A judicial appointee by former Spokane Mayor David Condon is defending his seat on the bench against that administration’s director of multicultural affairs.
Matthew Antush, 55, has the backing of many of the judges at the Spokane County Courthouse campus in his bid to retain the seat to which he was appointed in 2018. Gloria Ochoa-Bruck, 48, has gathered support of past administration and City Hall officials in her bid for the job.
Both candidates have raised funds in excess of $35,000, surpassing the fundraising totals of any judge seeking a municipal position since 2009. Antush and Ochoa-Bruck both pointed to their experience with the legal system as the reason they should be elected.
“I’m familiar with all those folks because I’ve been working with them for a career,” said Antush, a 1992 graduate of the Gonzaga Law School. Prior to his appointment by Condon, Antush spent 25 years working as a public defender, first for the city of Spokane and then Spokane County.
Antush said his major push as a municipal judge has been to get defendants that come before him to take part in a needs assessment, which can identify services in the community they may need beyond the courtroom. Municipal judges handle cases based on city laws, which include misdemeanor criminal cases and traffic infractions, among other duties.
“It will reduce pretrial incarceration, which we really need,” Antush said of the needs assessment, which was recently funded by a grant. “Not because we’re trying to be soft, but because we cannot load up our jails with pretrial people.”
In addition to the job at Spokane City Hall, Ochoa-Bruck has served as a judge for the Kalispel and Spokane tribes. She’s also worked in private practice, and as a deputy prosecutor in Benton County.
That breadth of experience, and a desire to bring a balanced approach to the courtroom, is what’s driving her run for office, she said.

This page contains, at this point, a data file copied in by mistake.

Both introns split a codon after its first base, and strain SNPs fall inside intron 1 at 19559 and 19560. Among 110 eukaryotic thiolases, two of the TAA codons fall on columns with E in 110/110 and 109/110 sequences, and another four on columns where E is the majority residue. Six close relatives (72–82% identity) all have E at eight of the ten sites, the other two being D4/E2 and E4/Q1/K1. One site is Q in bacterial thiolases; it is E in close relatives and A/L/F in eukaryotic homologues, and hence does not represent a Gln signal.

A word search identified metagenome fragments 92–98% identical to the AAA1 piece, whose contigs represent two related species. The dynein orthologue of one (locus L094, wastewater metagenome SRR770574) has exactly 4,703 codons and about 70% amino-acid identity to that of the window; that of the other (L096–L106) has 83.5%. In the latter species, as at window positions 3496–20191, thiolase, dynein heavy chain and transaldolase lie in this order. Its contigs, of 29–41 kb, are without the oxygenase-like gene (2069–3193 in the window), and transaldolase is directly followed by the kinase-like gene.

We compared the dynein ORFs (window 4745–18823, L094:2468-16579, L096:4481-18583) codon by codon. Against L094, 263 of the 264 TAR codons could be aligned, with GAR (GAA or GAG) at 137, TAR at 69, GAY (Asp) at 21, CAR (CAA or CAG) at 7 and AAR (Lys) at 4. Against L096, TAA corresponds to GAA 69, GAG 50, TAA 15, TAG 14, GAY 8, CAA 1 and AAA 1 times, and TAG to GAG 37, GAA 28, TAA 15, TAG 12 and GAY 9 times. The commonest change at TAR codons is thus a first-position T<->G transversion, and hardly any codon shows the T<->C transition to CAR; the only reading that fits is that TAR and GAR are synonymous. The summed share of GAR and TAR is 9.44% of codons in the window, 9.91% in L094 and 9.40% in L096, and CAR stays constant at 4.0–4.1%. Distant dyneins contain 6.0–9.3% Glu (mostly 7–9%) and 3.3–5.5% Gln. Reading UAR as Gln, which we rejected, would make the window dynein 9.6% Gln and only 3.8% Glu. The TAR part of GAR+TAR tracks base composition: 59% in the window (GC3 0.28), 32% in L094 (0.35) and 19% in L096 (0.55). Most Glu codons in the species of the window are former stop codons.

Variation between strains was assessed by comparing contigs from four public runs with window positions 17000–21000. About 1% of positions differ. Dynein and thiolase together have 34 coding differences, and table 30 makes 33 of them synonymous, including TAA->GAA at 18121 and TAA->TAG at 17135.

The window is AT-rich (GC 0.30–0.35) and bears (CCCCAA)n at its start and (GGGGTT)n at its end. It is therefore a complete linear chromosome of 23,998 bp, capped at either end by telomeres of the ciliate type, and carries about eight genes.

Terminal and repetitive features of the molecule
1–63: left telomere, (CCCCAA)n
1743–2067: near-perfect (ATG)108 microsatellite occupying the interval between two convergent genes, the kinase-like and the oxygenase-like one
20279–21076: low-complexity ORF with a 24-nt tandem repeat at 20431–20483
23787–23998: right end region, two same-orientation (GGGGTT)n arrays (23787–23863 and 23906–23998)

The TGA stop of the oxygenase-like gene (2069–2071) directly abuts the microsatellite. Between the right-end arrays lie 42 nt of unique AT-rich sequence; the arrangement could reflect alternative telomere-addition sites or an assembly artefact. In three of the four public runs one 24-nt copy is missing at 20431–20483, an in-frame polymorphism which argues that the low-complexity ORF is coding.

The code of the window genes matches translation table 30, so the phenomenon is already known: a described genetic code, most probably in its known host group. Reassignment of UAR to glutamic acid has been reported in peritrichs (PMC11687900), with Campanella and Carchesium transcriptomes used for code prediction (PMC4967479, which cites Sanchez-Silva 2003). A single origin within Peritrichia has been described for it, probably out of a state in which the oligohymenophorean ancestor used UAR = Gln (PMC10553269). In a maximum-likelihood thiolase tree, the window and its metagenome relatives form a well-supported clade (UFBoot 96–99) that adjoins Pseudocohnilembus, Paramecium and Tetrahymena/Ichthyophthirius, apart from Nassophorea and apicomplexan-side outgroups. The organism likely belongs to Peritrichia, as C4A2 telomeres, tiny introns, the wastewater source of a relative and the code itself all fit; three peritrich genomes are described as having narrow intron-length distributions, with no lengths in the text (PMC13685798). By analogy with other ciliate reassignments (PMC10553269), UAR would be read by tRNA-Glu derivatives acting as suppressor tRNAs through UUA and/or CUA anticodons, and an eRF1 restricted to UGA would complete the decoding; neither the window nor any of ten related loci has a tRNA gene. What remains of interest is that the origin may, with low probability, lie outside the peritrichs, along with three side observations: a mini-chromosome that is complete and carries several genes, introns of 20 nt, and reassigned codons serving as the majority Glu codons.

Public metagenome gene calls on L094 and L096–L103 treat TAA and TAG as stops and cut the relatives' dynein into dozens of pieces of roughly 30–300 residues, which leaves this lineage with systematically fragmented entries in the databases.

“I think community court is great, to get people to reintegrate back into the community. It makes our community successful,” said Ochoa-Bruck, referring to the initiative that pairs criminal defendants with social service providers. “There also needs to be more broadening of those strategies.”
She said those partnerships should take into account the victims of crime, specifically property and domestic violence. Ochoa-Bruck pointed to the disproportionately high rates of domestic violence in Spokane and Spokane County compared to other parts of the region.
Ochoa-Bruck has earned the endorsements of former City Council President Ben Stuckart, former Spokane Chief Financial Officer Gavin Cooley and Spokane District Court Judge Aimee Maurer. Becoming a judge has been a goal of hers since she became the first in her family to graduate from college. She earned a law degree from the University of Idaho’s College of Law in 2000.
“I think there’s need for the court to be reflective of the community that it serves,” said Ochoa-Bruck, who was the Condon administration’s point person on the Spokane Regional Law and Justice Council during her time at City Hall.
Antush said he’s driven by the prospect of helping defendants navigate the criminal justice system, which he notes is not a pleasant experience for most people he sees from the bench.
“You stay at it for 25 years because you can see that it can have a positive effect on a person’s life,” Antush said of the legal profession. “That feels really good.”
Ochoa-Bruck said she’d sought appointment to the municipal court, but hadn’t been selected. She said she’s running on her qualifications, not to object to Antush’s performance.
“I believe that I can bring a lot of value to the court and expand on the great work that’s already being done,” she said.
Antush also said he had nothing to criticize about his opponent, but pointed to his own experience as allowing him to continue his work in the courtroom.
“I’ve just got to think that time of experience, that depth of experience, makes me more suitable for the position,” he said.
Among Antush’s endorsements are Spokane City Council President Breean Beggs and Mayor Nadine Woodward, along with a slate of Superior, District and Municipal court judges in Spokane.
Municipal judges are elected to a four-year term. Their salary is set as a percentage of district court judge salaries as determined by a state commission on salaries for elected officials, and for 2021 that salary is $180,614. It will increase to $183,775 next year.
Election Day is Nov. 2.